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NATO’s withdrawal from Afghanistan may cause turmoil in Central Asia

Central Asia may become a new area of struggle for influence between the region’s powers, writes foreign affairs columnist of portal wpolityce.pl Marek Budzisz

editor: REMIX NEWS
author: Marek Budzisz

During celebrations of the anniversary of the end of Second World War at the Red Square in Moscow, only Tajikistan President Emomali Rahmon stood beside Vladimir Putin on the stand. According to some Russian commentators, this represented Russia’s rising international isolation. Yet, this interpretation is not convincing.

In the age of Covid-19, it would be difficult to count on the mass attendance of representatives of other states. Moreover, current Russian authorities are more than usual emphasizing the narrative according to which Russia is able to defend itself and does not need the support of others and does not care for foreign applause; Russia’s alliances only make sense if they serve the country’s interests.

So why did Putin single out Rahmon to stand by his side?

An official report that appeared after the talks between the two leaders sheds some light on Putin’s motivations. It referred to what Putin has declared in the past, which is a readiness to develop the 201st Russian military base located in Tajikistan due to the rising threat from Afghanistan and the Taliban in particular, whose importance will grow after NATO and the US withdraw from the country.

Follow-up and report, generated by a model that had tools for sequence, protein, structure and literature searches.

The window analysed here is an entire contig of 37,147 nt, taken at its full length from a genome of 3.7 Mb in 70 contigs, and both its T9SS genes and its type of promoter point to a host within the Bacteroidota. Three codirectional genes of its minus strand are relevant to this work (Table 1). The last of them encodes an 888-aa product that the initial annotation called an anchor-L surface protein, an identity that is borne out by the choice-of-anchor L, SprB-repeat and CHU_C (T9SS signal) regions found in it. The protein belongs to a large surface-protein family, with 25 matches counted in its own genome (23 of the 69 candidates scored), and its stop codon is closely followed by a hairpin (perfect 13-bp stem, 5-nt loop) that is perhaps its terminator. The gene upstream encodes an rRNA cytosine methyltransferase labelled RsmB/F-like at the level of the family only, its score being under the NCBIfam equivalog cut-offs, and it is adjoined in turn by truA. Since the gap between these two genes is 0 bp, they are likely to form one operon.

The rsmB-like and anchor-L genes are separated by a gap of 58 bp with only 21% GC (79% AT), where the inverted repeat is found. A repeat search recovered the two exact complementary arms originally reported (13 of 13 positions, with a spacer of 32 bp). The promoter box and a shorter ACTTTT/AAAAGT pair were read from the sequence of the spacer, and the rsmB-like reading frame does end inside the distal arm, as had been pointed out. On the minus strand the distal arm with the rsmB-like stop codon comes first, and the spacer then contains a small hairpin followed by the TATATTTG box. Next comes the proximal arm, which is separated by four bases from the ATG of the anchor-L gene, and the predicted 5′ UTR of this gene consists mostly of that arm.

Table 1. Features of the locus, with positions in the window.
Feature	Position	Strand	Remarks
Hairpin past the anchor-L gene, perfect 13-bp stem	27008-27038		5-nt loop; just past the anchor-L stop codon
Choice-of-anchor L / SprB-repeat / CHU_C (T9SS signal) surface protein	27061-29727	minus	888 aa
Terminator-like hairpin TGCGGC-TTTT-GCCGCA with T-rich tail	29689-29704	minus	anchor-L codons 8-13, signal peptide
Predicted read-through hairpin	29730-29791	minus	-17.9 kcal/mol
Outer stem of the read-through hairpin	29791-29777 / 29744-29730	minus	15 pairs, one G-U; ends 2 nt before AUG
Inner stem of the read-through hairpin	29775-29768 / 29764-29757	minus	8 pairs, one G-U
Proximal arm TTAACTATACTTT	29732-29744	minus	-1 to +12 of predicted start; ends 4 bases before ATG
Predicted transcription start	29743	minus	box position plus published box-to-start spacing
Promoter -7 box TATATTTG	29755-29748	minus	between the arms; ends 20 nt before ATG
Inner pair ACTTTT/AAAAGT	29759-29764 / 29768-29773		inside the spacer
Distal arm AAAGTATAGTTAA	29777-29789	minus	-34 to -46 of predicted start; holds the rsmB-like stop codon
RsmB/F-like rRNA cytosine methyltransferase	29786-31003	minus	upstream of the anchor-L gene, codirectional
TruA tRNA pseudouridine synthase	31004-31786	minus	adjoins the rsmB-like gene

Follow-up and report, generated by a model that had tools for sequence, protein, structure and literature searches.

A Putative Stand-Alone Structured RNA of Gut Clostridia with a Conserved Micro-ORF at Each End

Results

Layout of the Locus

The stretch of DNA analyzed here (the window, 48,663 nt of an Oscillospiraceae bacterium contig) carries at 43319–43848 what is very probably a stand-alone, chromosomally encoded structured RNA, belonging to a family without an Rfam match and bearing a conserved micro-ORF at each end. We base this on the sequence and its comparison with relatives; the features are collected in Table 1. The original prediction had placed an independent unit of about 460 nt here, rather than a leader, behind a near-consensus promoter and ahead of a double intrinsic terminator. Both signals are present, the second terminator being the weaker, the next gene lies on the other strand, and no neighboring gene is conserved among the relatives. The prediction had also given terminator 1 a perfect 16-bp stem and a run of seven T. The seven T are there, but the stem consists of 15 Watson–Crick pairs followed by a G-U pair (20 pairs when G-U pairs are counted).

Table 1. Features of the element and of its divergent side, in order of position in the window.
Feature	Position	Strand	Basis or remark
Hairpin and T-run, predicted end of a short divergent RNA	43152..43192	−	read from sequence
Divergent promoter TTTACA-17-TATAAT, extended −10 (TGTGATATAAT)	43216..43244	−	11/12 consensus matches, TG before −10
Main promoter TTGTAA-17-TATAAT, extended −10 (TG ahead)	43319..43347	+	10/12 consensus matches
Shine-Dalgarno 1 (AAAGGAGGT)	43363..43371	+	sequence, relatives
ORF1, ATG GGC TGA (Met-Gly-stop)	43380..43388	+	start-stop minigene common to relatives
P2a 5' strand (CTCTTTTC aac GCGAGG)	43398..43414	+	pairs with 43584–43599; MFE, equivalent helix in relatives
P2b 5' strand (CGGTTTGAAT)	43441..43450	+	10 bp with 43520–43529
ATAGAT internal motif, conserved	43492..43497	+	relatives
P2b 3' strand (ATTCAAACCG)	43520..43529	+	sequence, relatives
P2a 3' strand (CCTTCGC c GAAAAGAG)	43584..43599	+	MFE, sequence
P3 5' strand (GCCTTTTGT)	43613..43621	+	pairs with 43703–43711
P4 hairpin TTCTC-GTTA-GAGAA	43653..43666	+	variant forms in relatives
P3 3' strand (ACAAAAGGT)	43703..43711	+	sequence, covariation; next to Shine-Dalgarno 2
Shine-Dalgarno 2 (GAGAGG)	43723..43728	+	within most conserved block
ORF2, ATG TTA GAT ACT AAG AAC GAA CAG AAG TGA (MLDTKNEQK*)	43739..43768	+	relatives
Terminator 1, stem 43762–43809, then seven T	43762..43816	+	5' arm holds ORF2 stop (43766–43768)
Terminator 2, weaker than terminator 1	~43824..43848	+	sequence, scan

It is important to remember in this context that the Russian base in Tajikistan is the largest one Moscow has outside of Russia’s borders. Declarations on its expansion show both the severity of the situation and Russia’s readiness to strengthen its position right before the possibly upcoming game for influence in the region.

Despite Russia’s regional domination, the situation may start quickly changing when other countries enter the fray. This concerns not only the United States or China, but even actions from Turkey or Pakistan may usher in revolutionary changes. In addition, Uzbek political scientist Komoliddin Rabbimow has indicated that the two largest countries in the region — Uzbekistan and Kazachstan — are not pleased with the reality of an increase in Russia’s military presence in the region due to the situation in Afghanistan.

This may mean that these countries will look to balance out Moscow’s position, which does not necessarily mean they will accept a temporary American presence on their soil, but such an option cannot be excluded. In the case of a destabilization of the situation, Russia may be faced with the necessity to increase its engagement, also military-wise, which may lead to a further rise in tensions.

Some Russian experts believe that in the near future the whole region of Central Asia may become a source of conflict, especially since the fragile development of all states in the region have become weakened due to the pandemic.

Title image: A U.S. flag is lowered as American and Afghan soldiers attend a handover ceremony from the U.S. Army to the Afghan National Army, at Camp Anthonic, in Helmand province, southern Afghanistan, Sunday, May 2, 2021, AP Image.